Wide undermining was performed in the subgaleal plane and attempts to close the forehead were difficult. The patient had very tight and thin skin. At that point, it was decided to use a split-thickness skin graft, which would be isolated from the right thigh.

    The right thigh was then prepped and drapped in the usual sterile fashion. The forehead wound was closed with 3-0 Monocryl deep and a 5-0 nylon in the skin, and a defect measuring approximately 3 x 4 cm was remaining. A split-thickness skin graft of 5 x 5 cm was cut with the thickness of 0.017 mm. This was isolated with Padgett dermatome and the graft was then pie-crusted with a #15 blade scalpel. Saline-soaked gauze was placed over the donor site. The skin graft was then cut and fashioned to fit over the defect in the frontal scalp. It was secured with a running 5-0 chromic suture and then a bolster of cotton balls coated in bacitracin ointment and Xeroform was placed over it and secured with a series of 3-0 silk sutures. The donor site was then dressed with Mastisol. Tegaderm, and urtimately with Kerlix and Ace wrap.

    Attention was then returned to the nose. The nasal flap was not thinned because it was quite thin already. Blood flow appeared to be adequate. The flap was then closed in two layers with 5-0 Monocryl or Biosyn deep, followed by a series of running 5-0 nylon in the skin. At the level of the alar skin mucosal junction, 5-0 chromic was used to apporximate the lining flap with the edge of the skin flap internally. Oozing was controlled with light pressured. The flap was visualized to be viable and good capillary refill was noted. A strip of Xeroform was placed under the pedicle of the flap and the wounds were then cleaned with saline and dried. Bacitracin ointment was applied liberally. Two Merocel nasal packs with suture were coated in ointment and placed on either side of the nose to help with stenting and oozing. They were tied in front of the columella in several surgeon's knots. They were infiltrated with approximately 1 cc of the local anesthesia and swelled accordingly.

    Of note, tarsorrhaphy sutures had been placed at the onset of the case and these were now removed. The patient was returned to his original position in the operating room. A light Kerlix dressing was placed on the forehead and a drip pad placed as well. The patient was then awakened from general anesthesia, and he was transferred to the PACU in a stable condition.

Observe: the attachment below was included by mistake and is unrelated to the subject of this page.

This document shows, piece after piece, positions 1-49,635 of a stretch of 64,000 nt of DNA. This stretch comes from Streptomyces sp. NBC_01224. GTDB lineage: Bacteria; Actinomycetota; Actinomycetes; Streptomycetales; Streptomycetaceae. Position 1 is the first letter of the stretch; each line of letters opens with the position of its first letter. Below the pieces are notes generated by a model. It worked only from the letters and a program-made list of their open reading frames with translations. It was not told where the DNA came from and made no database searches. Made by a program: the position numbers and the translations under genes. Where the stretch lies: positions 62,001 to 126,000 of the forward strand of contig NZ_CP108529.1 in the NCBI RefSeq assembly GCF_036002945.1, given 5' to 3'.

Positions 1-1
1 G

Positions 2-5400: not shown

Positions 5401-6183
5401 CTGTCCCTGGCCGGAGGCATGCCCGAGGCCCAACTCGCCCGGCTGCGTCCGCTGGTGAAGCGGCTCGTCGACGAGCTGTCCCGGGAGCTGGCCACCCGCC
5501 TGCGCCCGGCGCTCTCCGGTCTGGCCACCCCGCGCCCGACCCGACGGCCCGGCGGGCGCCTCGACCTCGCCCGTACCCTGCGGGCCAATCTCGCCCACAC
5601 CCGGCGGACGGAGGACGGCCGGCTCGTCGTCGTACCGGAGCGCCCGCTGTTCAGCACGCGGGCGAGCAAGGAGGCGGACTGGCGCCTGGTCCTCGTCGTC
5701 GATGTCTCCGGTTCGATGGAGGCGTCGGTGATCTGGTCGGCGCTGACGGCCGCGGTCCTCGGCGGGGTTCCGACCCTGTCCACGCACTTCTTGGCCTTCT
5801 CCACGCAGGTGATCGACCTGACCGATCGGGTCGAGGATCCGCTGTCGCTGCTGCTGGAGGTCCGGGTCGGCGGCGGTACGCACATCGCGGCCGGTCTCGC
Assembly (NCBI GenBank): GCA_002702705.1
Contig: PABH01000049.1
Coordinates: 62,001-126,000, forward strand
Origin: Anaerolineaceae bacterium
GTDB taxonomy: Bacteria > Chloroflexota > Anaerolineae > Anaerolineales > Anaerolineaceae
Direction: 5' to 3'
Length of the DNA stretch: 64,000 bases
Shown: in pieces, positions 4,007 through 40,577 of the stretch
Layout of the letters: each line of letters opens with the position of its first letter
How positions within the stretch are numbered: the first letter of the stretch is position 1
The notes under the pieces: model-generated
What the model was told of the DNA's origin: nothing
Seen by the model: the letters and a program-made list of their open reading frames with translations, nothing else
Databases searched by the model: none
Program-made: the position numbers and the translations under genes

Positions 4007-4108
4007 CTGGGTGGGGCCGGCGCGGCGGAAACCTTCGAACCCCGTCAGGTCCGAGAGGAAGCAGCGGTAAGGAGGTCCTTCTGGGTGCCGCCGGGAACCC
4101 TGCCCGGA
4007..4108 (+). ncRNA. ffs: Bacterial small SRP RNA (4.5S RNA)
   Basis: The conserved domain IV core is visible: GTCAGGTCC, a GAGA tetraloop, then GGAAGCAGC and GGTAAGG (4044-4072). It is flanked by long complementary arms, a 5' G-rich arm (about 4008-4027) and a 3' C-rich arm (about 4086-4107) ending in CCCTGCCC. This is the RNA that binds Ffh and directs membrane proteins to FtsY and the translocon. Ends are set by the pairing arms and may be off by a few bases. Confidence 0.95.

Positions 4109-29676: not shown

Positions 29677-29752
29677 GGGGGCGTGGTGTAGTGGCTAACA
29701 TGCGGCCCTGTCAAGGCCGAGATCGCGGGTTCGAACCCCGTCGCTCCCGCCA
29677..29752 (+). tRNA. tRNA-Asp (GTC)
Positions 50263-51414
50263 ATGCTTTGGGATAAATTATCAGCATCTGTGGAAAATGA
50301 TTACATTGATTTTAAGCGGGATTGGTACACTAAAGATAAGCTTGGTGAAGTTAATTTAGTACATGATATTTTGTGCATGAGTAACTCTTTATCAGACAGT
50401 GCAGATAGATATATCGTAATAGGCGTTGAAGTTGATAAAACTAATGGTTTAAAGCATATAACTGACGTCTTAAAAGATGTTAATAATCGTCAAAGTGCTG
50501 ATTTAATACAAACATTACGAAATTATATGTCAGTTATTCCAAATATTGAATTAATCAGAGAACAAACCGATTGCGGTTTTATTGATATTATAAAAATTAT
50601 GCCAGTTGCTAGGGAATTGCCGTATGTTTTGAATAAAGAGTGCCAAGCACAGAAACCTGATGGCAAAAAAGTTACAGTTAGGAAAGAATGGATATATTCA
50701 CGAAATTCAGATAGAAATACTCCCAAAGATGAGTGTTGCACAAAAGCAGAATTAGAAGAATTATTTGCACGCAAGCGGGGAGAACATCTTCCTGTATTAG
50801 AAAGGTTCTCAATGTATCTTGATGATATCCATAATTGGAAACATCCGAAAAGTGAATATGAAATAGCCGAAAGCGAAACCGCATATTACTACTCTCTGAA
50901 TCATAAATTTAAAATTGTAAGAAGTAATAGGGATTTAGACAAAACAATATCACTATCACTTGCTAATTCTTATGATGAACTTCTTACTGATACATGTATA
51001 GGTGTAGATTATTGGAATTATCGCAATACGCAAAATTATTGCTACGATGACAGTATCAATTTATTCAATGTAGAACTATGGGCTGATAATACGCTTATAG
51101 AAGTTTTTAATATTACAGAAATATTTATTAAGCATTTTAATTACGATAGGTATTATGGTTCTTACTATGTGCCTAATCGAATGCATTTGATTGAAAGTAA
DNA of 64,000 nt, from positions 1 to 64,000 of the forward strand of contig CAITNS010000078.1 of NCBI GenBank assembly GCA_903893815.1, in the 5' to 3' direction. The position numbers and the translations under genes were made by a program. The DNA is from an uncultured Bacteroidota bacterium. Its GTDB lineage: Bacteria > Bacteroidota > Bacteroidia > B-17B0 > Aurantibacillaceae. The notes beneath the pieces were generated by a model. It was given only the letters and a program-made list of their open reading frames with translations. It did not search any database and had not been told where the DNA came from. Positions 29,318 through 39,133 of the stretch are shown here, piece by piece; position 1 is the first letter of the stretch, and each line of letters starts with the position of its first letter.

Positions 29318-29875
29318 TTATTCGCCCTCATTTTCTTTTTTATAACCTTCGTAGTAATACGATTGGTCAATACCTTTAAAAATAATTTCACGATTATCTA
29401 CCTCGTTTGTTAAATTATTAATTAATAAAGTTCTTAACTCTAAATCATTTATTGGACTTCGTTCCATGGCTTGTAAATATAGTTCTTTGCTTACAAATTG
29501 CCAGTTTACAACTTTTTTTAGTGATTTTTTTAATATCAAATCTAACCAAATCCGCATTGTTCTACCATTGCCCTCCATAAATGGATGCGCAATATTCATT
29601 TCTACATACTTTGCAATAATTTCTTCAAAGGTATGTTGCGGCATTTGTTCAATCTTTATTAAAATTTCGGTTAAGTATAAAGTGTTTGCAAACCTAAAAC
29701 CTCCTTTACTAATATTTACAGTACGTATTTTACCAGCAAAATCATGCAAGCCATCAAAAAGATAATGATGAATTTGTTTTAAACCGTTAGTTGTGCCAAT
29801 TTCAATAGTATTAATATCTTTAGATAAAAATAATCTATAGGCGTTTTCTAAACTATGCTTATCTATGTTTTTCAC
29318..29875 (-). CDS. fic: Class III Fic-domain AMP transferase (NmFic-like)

4. #4
    Columbia, MO
    17311 mohs excision
    30630 septal flap reconstruction
    30520 septal cartilage graft reconstruction
    20912 cartilage harvesting
    15731 59 paramedial forehead flap
    15120 59 split-thickness skin graft
    14060 59 nasolabial advancement flap
    These are the codes I would use, I have no way right now to check for bundleing but I do not think there will be a problem. The Mohs documentation could have been better and there may have been more codes but barring that it is pretty straitforward.

    Debra A. Mitchell, MSPH, CPC-H

  5. #5
    Thank you so much!!!!!!!!!!!!!!

  6. #6
    Coding for mohs surgery (17311) is not the appropriate code for this excision. This code is only used when the physician is acting as the pathologist. In this case he is not since he or she states that they discussed with the pathologist.

  7. #7
    Columbia, MO
    I have never heard that the surgeon had to be the one doing the path only that microscopic evaluation is performed for pathologic results. Which is documented as having been done. I have checked every where and nowhere does it state that this must be the same doctor. We did these all the time in the cancer center and always used these codes, rarely was the surgeon performing the path but when he did we used the path code as well. I agree that the documentation is not the best it can be, however from what is there this does appear to be a MOHs procedure.

    Debra A. Mitchell, MSPH, CPC-H

  8. #8
    North Carolina
    Excerpt from CPT Assistant......

    Mohs micrographic surgery is a technique for the removal of complex or ill-defined skin cancer with histologic examination of 100% of the surgical margins. It is a combination of surgical excision and surgical pathology that requires a single physician to act in two integrated but separate and distinct capacities: surgeon and pathologist. If either of these responsibilities is delegated to another physician who reports the services separately, these codes should not be reported. The Mohs surgeon removes the tumor tissue and maps and divides the tumor specimen into pieces, and each piece is embedded into an individual tissue block for histopathologic examination. Thus a tissue block in Mohs surgery is defined as an individual tissue piece embedded in a mounting medium for sectioning.

  9. #9
    Columbia, MO
    Thank You Rebecca I looked every where. But we really did use these codes, I wonder if that has changed over the years then. The problem now with this report is what code would you use for the excision, or since the defect is cover with reconstruction then the excision is inclusive. Now it makes you wonder about the documentation.

    Debra A. Mitchell, MSPH, CPC-H

  10. #10
    Thank you from me too! I love the search function here - you covered my question without posting